Tuesday, July 19, 2005
Is Ford keeping Mustang GTs rare to inflate prices?
Several readers have commented on the rarity of the new Mustang GT and the pricing of same. The situation is being compared to the Thunderbird Fiasco, that had dealers charging hefty premiums over the MSRP. I'm not here to defend Ford, but it should come as no surprise to Mustang Fans that this is happening. There are several reasons;
Mustangs have traditionally been sold in a 33% GT and 66% V-6 mix. Just look at prodcution numbers for the last few years (where available) and this will be clear. Many Mustangs over the years have been sold to rental fleets is part of the reason. Another factor is the CAFE or Corporate Average Fuel Economy ratings, in an effort to comply with these regulations, V-6 models have outnumbered V-8 models for years.
Now with a completely new model Ford should have anticipated a higher demand for the GT model this year, but they underestimated demand and had to increase production by about 40%. from 140,000 to about 190,000 units. Still with the 33/66 mix of GT and V-6.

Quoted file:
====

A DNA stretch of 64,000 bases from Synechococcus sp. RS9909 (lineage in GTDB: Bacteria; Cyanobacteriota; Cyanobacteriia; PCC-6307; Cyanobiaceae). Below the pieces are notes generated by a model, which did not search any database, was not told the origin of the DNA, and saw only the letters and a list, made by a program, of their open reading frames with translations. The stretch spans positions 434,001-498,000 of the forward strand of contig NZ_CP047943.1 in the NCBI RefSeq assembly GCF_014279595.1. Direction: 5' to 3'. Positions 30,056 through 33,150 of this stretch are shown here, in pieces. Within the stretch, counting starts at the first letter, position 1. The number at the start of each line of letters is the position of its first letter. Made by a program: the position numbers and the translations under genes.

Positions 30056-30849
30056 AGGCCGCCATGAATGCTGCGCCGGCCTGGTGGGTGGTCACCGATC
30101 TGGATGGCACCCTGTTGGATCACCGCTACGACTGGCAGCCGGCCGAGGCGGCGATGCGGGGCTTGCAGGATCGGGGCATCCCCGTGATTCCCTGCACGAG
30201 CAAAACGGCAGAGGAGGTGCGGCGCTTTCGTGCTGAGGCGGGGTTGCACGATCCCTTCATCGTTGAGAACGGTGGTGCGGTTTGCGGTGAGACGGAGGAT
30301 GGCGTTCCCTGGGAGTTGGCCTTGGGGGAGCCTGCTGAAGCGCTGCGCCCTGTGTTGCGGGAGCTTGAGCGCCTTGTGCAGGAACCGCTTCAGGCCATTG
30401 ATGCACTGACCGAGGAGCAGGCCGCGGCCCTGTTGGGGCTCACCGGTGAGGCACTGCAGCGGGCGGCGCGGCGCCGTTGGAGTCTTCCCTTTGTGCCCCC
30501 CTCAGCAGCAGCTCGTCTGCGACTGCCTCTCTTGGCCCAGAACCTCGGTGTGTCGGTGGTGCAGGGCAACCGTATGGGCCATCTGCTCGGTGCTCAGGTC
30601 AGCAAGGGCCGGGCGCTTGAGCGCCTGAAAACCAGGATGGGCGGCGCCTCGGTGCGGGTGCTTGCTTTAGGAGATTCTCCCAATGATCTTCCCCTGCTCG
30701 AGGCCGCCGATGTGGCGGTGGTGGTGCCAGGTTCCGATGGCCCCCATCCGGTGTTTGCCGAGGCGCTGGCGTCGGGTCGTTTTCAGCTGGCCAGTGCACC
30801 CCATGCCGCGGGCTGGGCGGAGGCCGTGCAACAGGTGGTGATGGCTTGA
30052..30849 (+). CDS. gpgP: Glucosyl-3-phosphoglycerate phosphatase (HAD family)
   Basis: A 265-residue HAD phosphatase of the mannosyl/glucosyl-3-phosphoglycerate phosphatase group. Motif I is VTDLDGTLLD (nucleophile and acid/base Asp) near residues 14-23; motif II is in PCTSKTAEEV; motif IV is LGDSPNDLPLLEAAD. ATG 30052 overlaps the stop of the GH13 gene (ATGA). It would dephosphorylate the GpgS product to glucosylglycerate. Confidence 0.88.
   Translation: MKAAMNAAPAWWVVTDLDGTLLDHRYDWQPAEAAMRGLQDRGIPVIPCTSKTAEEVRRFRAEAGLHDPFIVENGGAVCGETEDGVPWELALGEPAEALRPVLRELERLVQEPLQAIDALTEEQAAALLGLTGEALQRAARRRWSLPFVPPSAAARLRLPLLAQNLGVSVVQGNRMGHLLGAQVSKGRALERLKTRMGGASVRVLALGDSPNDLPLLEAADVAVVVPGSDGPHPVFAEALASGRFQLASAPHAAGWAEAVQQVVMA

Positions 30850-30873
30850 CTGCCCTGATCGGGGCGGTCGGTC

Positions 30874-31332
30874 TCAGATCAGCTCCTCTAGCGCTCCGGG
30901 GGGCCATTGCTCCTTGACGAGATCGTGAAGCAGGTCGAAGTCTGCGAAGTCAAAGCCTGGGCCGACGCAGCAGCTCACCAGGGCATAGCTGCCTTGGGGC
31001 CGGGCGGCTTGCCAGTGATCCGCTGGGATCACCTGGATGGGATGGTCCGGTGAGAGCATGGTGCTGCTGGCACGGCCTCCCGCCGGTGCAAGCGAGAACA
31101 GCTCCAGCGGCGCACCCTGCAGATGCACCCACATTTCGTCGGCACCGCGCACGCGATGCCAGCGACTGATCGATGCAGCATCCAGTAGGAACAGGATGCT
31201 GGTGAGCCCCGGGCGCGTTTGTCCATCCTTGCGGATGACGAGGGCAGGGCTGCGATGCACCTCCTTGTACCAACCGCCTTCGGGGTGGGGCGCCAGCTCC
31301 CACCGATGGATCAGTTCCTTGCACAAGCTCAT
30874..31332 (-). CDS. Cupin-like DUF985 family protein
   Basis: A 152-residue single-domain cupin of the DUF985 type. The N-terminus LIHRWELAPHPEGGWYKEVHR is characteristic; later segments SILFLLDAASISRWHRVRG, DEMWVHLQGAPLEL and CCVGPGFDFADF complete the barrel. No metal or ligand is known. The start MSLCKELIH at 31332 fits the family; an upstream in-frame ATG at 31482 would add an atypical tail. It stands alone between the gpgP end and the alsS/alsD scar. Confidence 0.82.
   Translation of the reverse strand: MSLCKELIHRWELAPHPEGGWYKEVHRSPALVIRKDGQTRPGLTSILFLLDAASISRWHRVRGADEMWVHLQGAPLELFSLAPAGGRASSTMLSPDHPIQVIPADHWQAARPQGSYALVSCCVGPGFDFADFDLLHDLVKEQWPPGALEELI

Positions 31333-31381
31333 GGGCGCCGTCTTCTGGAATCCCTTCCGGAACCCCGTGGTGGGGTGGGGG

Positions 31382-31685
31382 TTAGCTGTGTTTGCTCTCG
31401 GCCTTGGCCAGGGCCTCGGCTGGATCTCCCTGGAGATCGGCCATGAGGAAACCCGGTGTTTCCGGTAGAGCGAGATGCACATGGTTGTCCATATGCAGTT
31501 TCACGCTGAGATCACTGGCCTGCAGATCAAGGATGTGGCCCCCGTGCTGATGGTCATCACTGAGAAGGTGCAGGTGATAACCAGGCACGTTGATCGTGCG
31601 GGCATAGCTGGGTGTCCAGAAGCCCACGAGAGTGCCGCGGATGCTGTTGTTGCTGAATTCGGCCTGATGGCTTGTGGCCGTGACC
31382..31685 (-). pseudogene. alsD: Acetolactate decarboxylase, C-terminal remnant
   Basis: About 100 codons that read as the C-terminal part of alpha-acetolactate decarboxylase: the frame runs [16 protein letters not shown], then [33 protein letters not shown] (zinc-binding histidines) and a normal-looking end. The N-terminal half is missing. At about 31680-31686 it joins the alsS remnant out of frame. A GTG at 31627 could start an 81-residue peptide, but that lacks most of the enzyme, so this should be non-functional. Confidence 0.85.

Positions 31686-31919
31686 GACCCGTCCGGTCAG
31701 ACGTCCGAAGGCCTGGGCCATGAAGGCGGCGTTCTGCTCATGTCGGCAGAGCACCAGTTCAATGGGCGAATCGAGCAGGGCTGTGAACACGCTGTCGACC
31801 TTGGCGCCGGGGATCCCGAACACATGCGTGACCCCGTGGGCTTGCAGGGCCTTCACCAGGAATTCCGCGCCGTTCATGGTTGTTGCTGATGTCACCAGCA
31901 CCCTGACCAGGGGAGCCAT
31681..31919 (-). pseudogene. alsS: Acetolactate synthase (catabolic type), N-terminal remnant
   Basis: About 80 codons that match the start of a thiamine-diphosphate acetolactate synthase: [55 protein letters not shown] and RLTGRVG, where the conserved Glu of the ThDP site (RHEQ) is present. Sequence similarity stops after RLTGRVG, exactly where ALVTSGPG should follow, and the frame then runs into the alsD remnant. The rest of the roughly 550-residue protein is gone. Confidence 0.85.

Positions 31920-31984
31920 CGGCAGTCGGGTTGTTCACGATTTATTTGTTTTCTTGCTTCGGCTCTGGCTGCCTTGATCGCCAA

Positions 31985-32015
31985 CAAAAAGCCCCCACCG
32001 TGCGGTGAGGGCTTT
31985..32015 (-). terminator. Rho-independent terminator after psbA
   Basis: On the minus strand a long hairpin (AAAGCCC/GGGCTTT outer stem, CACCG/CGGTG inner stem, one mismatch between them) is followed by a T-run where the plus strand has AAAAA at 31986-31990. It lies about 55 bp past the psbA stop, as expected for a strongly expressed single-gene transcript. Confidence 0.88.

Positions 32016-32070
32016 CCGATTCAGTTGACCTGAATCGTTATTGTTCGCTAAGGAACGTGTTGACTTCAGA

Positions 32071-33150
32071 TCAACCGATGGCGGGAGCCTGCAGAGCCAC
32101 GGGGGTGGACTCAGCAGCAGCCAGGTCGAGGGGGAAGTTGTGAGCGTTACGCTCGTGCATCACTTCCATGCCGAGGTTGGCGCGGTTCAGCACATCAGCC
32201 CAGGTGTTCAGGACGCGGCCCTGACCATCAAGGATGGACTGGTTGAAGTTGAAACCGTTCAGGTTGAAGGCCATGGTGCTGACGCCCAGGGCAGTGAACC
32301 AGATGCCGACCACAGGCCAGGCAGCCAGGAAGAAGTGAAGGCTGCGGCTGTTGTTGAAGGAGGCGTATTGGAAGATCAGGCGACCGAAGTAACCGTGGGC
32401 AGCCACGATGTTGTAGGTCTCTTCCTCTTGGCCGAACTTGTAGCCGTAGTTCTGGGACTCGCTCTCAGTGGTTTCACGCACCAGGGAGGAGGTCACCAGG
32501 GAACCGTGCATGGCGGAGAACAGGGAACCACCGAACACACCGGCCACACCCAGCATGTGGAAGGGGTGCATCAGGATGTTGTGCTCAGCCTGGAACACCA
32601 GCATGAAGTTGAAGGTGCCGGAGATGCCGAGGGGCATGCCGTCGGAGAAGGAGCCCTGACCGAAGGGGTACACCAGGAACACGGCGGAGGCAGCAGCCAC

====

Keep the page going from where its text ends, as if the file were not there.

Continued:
This will be the best year for Mustang sales since 2000, when 215,000 units were sold. And in 2000 how many of those 215,000 were V-8 models (Cobra and GT) Just about 60,000 units or 33%.
I have no doubt that dealers are not negotiating prices on Mustangs. It's been a while since a Ford dealer has had a car that they didn't have to discount. Besides full size trucks, Ford has been slipping. Now with new models coming in that may change. But look at the current discount frenzy and then ask yourself, "If I were a dealer, wouldn't I charge a premium or full price for any car I could?" Of course you would.
This type of price policy may carry over into 2006, that's highly likely. But that's because the car is hot, we all want it. I'm sure when the new SVT Shelby GT500 comes out, dealers will be bending customers over the barrel for every one of them. I don't think it will continue past 2006 and Mustang prices will have to normalize and be flexible.
I don't think it's right, that loyal customers should be charged premiums, but I can understand the motivation. Hell, when you have to give away a computer to sell a Focus and Home Depot discounts to sell trucks, it only makes sense not to deal on a car that sells itself.
Mustang GT production for 2005 will be near 60,000 and V-6 will be closer to 130,000. Will you be one of those lucky 60,000? Don't expect numbers to change much next year either.